Patient/Family Teaching

  • Instruct patient in use of iloprost and Prodose ADD System or I-neb ADD system, frequency, ampule dispensing, and cleaning of equipment. See manufacturer's instructions. Advise patient that inhalation intervals should not be less than 2 hr, but acute benefits of medication may not last 2 hr.
  • May cause dizziness and fainting due to hypotension. Caution patient to change positions slowly to minimize orthostatic hypotension.

Evaluation/Desired Outcomes

  • Improved exercise tolerance, decrease in symptoms of pulmonary edema, and lack of deterioration in patients with pulmonary arterial hypertension.

Ventavis

a brand name for ILOPROST TROMETAMOL.
References in periodicals archive ?
In coming two to four years the exclusivity of key brands such as Tracleer, Remodulin, Adcirca, Ventavis, Tyvaso, and Letairis will be lost.
Actelion Acquisition: The acquisition gives JNJ five currently-marketed therapies (Opsumit, Tracleer, Uptravi, Veletri and Ventavis) for the treatment of pulmonary hypertension and two currently-marketed specialty products, Valchlor gel (cutaneous T-cell lymphoma) and Zavesca (Gaucher disease in the U.S./Nieman-Pick disease in Europe).
Breelib is a new nebuliser for Ventavis. It has been developed by Bayer in collaboration with Vectura, adapting Vectura's FOX handheld smart nebuliser device, and leveraging its unique flow rate and volume control technology.
Treatment options for pulmonary hypertension associated with scleroderma include the endothelin receptor antagonist bosentan (Tracleer); the phosphodiesterase inhibitors sildenafil (Revatio), vardenafil (Levitra) or tadalafil (Adcicra); and various prostacyclin analogs, such as epoprostenol (Flolan), treprostinil (Remodulin) and iloprost (Ventavis).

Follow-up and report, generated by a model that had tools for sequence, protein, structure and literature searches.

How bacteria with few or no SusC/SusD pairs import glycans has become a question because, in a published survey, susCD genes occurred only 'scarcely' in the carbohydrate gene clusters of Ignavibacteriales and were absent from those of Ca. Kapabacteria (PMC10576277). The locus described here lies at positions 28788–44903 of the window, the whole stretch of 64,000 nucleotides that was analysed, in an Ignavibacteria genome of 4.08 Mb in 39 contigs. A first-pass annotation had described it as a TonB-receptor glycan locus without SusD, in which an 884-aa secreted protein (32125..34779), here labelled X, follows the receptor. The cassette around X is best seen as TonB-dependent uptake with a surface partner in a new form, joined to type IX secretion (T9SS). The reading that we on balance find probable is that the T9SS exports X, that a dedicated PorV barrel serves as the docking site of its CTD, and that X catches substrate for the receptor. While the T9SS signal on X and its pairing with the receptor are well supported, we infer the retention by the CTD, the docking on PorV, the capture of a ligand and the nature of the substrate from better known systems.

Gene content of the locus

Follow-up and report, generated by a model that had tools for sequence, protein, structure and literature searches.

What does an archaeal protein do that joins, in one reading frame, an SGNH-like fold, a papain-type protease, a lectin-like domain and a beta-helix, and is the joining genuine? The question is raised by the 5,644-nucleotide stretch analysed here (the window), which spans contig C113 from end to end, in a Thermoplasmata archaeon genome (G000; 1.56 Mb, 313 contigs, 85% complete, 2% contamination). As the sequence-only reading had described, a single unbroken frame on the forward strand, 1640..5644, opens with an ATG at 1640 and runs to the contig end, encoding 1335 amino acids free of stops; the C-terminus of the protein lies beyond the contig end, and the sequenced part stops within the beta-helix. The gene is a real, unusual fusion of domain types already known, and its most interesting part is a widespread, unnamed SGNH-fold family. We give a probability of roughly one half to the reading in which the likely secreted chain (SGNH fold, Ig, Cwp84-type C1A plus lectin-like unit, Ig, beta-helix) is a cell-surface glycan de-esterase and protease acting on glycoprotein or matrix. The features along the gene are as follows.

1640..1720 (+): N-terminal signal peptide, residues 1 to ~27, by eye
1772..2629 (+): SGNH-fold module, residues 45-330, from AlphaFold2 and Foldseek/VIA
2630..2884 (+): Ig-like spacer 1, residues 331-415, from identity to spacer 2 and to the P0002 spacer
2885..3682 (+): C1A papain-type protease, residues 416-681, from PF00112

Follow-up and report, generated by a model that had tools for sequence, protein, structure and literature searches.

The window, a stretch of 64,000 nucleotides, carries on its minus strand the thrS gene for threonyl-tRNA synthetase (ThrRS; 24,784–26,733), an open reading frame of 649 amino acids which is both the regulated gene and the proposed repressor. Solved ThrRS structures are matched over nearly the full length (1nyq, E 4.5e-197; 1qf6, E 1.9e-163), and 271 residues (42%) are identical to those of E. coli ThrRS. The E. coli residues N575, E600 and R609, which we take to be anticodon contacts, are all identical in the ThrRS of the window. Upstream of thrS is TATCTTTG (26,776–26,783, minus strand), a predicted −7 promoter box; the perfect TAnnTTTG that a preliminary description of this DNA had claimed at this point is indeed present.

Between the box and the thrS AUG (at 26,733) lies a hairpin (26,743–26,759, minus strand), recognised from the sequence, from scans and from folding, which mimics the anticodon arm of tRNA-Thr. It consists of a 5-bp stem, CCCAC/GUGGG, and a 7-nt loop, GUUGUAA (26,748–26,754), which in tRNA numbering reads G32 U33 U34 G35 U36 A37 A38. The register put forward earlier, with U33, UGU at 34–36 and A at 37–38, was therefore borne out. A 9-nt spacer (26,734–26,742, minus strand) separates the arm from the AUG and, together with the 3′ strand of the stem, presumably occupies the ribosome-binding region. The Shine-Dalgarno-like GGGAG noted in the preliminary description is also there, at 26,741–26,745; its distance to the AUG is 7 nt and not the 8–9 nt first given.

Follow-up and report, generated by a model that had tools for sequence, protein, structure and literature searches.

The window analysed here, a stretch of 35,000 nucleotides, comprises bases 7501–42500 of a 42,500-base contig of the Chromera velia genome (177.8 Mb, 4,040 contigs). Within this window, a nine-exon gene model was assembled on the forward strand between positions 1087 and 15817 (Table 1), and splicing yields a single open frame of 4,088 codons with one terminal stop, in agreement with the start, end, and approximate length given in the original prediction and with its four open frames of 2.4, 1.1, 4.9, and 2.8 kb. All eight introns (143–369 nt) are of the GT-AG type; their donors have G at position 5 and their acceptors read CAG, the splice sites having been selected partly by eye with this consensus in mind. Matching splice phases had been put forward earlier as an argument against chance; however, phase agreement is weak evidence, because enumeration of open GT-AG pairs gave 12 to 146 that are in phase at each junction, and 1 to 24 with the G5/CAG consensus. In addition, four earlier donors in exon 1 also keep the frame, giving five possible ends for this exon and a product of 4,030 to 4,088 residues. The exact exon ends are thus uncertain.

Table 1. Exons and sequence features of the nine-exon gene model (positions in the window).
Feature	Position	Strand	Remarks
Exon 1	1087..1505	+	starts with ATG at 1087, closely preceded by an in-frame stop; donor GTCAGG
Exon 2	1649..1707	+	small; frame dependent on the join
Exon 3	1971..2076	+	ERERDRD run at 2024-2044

Actelion is a highly profitable life science firm as a result of our leading franchise in pulmonary arterial hypertension (PAH), where our three marketed products Tracleer, Ventavis and Veletri continue to bring significant value to patients.
Bronchoscopies, along with biopsies of standard endobronchial sites and any other abnormal-appearing areas, were performed at baseline and at 6 months after randomization to treatment with iloprost (Ventavis) or placebo in a phase II chemoprevention trial involving 152 former or current smokers with at least a 20-pack-year history.
Drug administration and dosages may include Flolan or epoprostenol, via continuous IV infusion via central venous catheter using an ambulatory infusion pump 1 to 20 ng/kg/min, treprostinil (Remodulin), continuous subcutaneous infusion 0.625 to 1.25 ng/kg/min, and iloprost (Ventavis) via inhalation, nebulizer (using one of two approved drug delivery devices) 2.5 to 5 meg, 6-9 times/day.
The FDA also approved three more drugs, Remodulin, Ventavis, and Revatio in 2002, 2004 and 2005 respectively for the treatment of PAH.
Ventavis, which was recently approved by the FDA for the treatment of pulmonary arterial hypertension (World Health Organization Group I), or PAH, in patients with New York Heart Association Class III or IV symptoms.